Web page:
The tough thing about communication technologies is that they typically become widespread and ubiquitous before society informally codifies a set of agreed-upon norms around their use.
Such is the case with texting. Even though it’s been around for a couple decades now, folks still have varying opinions as to what texting behaviors are appropriate and polite. One area in which people have particularly divergent perspectives is how long it should take someone to respond to a text.
People generally fall into two camps here: The first responds to the texts they receive pretty promptly, and expects others to do the same. The second might not respond to a text for a day, or several, and doesn’t mind if people respond to the texts they send out in a similarly leisurely fashion.
When an individual in the first camp is in regular correspondence with a member of the second, conflict can ensue. When the former doesn’t receive a response from the latter in what they consider a timely manner, they can feel worried that they’ve said something wrong, frustrated that they’re not able to move forward on a decision pending an answer to a question, and even resentful or slighted, interpreting the lack of response to their message as a signal from its recipient that they, themselves, are unimportant. The slow responder, meanwhile, is probably completely unaware that they’ve created a sense of angst in the other person.
Neither camp is “wrong”; remember, there’s no agreed-upon norms that the second camp is violating, and that the first camp ought to be enforcing. Folks are just doing what feels normal for them in their brains.
But to avoid the tension and misunderstandings — what digital communications expert Erica Dhawan calls “timing anxiety” — that can arise when members of these divergent camps text, asynchronously, past one another, it behooves both to try to meet each other halfway.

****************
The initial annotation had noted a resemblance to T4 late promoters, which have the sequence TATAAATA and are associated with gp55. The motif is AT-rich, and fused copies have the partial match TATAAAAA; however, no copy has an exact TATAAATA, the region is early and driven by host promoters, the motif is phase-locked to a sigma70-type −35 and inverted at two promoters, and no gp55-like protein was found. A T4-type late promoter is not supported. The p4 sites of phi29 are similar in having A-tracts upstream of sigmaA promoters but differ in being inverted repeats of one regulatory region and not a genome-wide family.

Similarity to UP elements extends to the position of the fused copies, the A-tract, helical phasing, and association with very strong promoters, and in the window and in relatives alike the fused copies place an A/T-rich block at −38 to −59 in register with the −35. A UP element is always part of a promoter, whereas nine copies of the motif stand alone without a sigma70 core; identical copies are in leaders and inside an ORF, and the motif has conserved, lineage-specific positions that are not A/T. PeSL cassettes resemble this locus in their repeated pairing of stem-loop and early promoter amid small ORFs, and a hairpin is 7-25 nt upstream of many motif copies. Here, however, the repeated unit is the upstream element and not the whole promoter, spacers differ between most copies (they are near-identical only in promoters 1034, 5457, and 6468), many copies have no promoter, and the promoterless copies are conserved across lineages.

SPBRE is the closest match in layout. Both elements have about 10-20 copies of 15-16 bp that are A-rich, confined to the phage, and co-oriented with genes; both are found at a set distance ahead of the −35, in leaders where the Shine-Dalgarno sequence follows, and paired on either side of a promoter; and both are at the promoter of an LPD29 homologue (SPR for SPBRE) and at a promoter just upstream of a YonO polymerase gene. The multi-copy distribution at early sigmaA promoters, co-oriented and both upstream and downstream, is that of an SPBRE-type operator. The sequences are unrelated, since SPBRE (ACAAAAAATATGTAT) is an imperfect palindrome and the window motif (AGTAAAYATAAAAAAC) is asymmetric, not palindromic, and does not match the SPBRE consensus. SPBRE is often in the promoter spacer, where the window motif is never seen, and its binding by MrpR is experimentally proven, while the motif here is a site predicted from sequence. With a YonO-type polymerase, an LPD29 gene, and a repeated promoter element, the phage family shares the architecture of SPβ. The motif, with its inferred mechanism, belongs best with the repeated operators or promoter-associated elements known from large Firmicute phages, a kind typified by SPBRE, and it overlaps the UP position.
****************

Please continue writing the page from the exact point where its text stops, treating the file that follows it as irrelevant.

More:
If It Takes You Awhile to Respond to People’s Texts:
Make an effort to respond more promptly. In Digital Body Language, Dhawan says that the general expectation around text messages is that they’ll be answered within an hour. The data says that the average text message is responded to in 90 seconds, and according to one study which polled folks 18-65, taking more than 20 minutes to respond is considered rude.
These are just averages, of course. But if you’re someone who typically takes hours to days to reply to people’s texts, know that you’re likely ruffling at least some people’s feathers.
You probably don’t want friends and loved ones to feel frustrated or slighted, so do what you can to manage people’s timing anxiety by being better about promptly responding to the texts you receive. Dhawan suggests this rule of thumb: “If you can answer in 60 seconds or less, respond immediately.” (This philosophy in fact works well for most anything; if there’s an action item on something that you can take care of in less than a minute, Do It Now
Even if someone’s message can’t be responded to in 60 seconds, if it concerns an urgent question, or includes a vulnerable disclosure, do your best to respond as quickly as you can; no one likes to be left hanging in such circumstances.
Turn off the automatic read receipt function. Messages sent between Apple phones have a “read receipt” function that shows people exactly when you read the text they sent. But this can create expectations that end up inflating someone’s feelings of hurt or frustration. That is, because the sender knows you’ve read their message, taking a long time to respond may irk them all the more. You may have quickly read their message at a red light, and aren’t going to be able to respond until you complete the rest of a long drive home. Or you glanced at it during a meeting, and can’t reply until it’s over. But of course the other person is unaware of these circumstances and can be thinking: “I know you saw my message! Why aren’t you answering me!?”
To better manage response time expectations, make sure the “read receipt” function on your phone is turned off. You may think yours is, but it sometimes seems to mysteriously come back on, and folks don’t know it’s showing until a friend clues them in.
But give people your own read receipt. If someone has sent you a message, and circumstances or the need to think about about their comment/look more into their question, will